Exegesis of “A Maze of Death”

I’m going to make this quick statement, I am in love with Philip K. Dick right now. There is something about a science fiction writer into big religious questions that fascinates me. I am on a more or less steady diet of Philip K. Dick right now and I figured that I should work this into the blog. As such, I am going to work this into my new blog, mostly because it gives me something to talk about. What we have here is a continuing feature, which I will be calling an Exegesis in honor of Philip K. Dick’s Exegesis, written to explain the visions he experienced during the early 70s. THERE WILL  BE SPOILERS.

If I where to sum up “A Maze of Death” in one sentence then I’d say “It’s Lost in space and on really bad crack.” Yeah, not a good way of describing it, but it gets better. Basically, all these people who are sent to the mysterious planet of Delmak-O, with no explanation why they are all sent there and not really any hint. Since they all have different careers (marine biologist, linguist, theologian, etc) they have no idea what it is they are supposed to do. When they finally get to play the tape (Yes, it’s a tape. It was published in 1970), it has been busted and won’t work. So basically nobody knows what the hell they are supposed to be doing on this planet.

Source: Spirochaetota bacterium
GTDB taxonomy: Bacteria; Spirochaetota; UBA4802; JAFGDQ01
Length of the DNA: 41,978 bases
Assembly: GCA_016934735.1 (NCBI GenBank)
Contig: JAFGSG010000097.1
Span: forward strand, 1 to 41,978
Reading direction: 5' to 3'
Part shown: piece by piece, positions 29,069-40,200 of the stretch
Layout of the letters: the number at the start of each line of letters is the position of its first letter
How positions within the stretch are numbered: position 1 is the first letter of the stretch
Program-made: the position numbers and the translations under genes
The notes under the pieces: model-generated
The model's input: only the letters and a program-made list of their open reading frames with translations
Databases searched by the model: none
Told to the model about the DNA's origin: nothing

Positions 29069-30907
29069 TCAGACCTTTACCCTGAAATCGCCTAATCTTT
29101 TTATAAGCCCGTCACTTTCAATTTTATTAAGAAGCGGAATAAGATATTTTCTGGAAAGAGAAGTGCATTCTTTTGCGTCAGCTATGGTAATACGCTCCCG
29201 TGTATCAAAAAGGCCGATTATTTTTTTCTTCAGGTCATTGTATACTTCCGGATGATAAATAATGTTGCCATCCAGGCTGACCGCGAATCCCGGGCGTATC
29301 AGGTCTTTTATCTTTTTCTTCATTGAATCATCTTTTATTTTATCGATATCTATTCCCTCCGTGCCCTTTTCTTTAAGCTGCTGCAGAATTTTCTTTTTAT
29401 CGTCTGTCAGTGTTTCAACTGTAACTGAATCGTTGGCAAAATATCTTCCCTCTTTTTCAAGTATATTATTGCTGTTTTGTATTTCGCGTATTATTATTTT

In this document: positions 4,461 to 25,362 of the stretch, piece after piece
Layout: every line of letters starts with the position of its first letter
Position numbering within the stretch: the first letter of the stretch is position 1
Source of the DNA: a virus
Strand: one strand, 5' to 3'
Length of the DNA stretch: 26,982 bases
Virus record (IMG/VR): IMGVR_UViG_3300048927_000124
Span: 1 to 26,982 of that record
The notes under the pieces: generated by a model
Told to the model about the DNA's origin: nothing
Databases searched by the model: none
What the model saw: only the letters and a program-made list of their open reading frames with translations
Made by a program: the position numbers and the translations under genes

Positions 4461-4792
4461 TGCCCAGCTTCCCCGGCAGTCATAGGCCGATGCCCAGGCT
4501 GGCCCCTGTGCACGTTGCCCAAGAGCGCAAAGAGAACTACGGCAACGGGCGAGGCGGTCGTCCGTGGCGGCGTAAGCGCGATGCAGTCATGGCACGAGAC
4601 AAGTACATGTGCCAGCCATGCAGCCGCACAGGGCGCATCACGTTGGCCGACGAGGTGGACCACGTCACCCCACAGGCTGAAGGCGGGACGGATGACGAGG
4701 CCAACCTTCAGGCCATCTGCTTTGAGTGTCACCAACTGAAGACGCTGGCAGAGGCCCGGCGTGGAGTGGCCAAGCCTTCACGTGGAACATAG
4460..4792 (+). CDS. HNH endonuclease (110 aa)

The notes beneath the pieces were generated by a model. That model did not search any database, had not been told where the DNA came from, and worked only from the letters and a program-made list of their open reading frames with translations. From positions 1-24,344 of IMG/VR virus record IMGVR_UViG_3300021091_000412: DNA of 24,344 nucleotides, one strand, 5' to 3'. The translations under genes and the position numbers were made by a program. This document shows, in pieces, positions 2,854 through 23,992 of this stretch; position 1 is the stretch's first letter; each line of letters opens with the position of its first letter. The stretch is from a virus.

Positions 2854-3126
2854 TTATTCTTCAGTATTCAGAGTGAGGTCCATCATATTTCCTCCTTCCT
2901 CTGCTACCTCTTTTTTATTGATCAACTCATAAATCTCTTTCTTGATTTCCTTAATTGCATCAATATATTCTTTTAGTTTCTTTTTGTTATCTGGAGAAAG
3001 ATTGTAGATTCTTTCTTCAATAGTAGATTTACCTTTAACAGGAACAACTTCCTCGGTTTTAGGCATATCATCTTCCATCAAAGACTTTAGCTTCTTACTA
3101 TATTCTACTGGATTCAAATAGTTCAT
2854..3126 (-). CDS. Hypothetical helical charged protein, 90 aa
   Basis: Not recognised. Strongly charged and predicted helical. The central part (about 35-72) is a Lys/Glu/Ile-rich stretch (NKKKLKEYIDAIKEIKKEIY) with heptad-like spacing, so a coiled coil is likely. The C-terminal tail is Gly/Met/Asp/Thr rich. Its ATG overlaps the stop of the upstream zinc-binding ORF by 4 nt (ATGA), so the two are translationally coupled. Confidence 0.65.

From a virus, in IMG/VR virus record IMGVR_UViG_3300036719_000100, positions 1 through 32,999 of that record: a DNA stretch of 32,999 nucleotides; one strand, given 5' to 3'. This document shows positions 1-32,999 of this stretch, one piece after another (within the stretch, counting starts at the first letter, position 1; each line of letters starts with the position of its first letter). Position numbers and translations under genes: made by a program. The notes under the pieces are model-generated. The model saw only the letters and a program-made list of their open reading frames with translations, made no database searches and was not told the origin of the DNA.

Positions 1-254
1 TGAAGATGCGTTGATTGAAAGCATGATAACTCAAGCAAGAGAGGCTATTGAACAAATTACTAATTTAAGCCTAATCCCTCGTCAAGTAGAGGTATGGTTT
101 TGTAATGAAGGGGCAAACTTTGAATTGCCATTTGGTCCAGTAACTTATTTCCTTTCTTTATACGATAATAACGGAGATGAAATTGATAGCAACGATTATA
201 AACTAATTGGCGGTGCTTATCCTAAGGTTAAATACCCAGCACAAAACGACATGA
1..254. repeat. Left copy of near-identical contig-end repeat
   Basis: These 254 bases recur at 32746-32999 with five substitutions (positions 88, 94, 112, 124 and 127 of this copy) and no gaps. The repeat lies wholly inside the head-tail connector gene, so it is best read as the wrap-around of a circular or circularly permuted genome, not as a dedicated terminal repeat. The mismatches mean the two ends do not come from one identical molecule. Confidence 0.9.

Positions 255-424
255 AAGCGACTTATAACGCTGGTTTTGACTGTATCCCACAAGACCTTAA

And then people start being killed.

Which is where the Lost thing comes in, more specifically, theories concerning Lost. It is stated that everyone on this research colony is in some way a jerk. Pretty much everything from general jerkery to bestiality is covered for in this group. This relates to the Lost theory that the characters are all in purgatory, which will relate to the book. In this case, the reaserch colony believes that they are part of a really sketchy government experiment, at least initially though because this is a Philip K. Dick novel. Lost my track of thought there. Anyways, the vast majority of “A Maze of Death”s cast is made up of jerks, addicts, madmen and various combinations. A couple are all right, but I didn;t really find the characters that interesting compared to the issue of the whole ontological mystery of the situation.

Another interesting feature would be the Religion that everyone in the book follows. It was basically developed by Philip K. Dick with his friend William Sarrill (whoever that is) with various inspirations from Dick’s conversations with Bishop James Pike. Basically, the religion of this book has an existent God that is seperated into three aspects. The Mentefactor, who is never given much detail but I think is supposed to be God the Father, The Intercessor, who is sort of like Jesus, and The Walker-on-Earth, who is basically this random do-gooder who wanders the earth doing good deads much like Kane from Kung Fu. These gods can appear to you at various times and do whatever it is they do. You can even pray to them via electronics. That’s basically how the book starts, one of the characters wants a change of job since his current one isn’t challenging. So he prays for a new job and gets one that leads into our story. There’s also a holy text that has some sort of inane self-help title that I think was How I Came Back From the Dead and So Can You. That is probably meant as a joke. Oh, and there is a fourth being, an evil figure called the Form Destroyer, which is basically the forces of entropy that will consume everyone and was created when the Mentefactor made the Universe as a side affect. Hope that covers everything.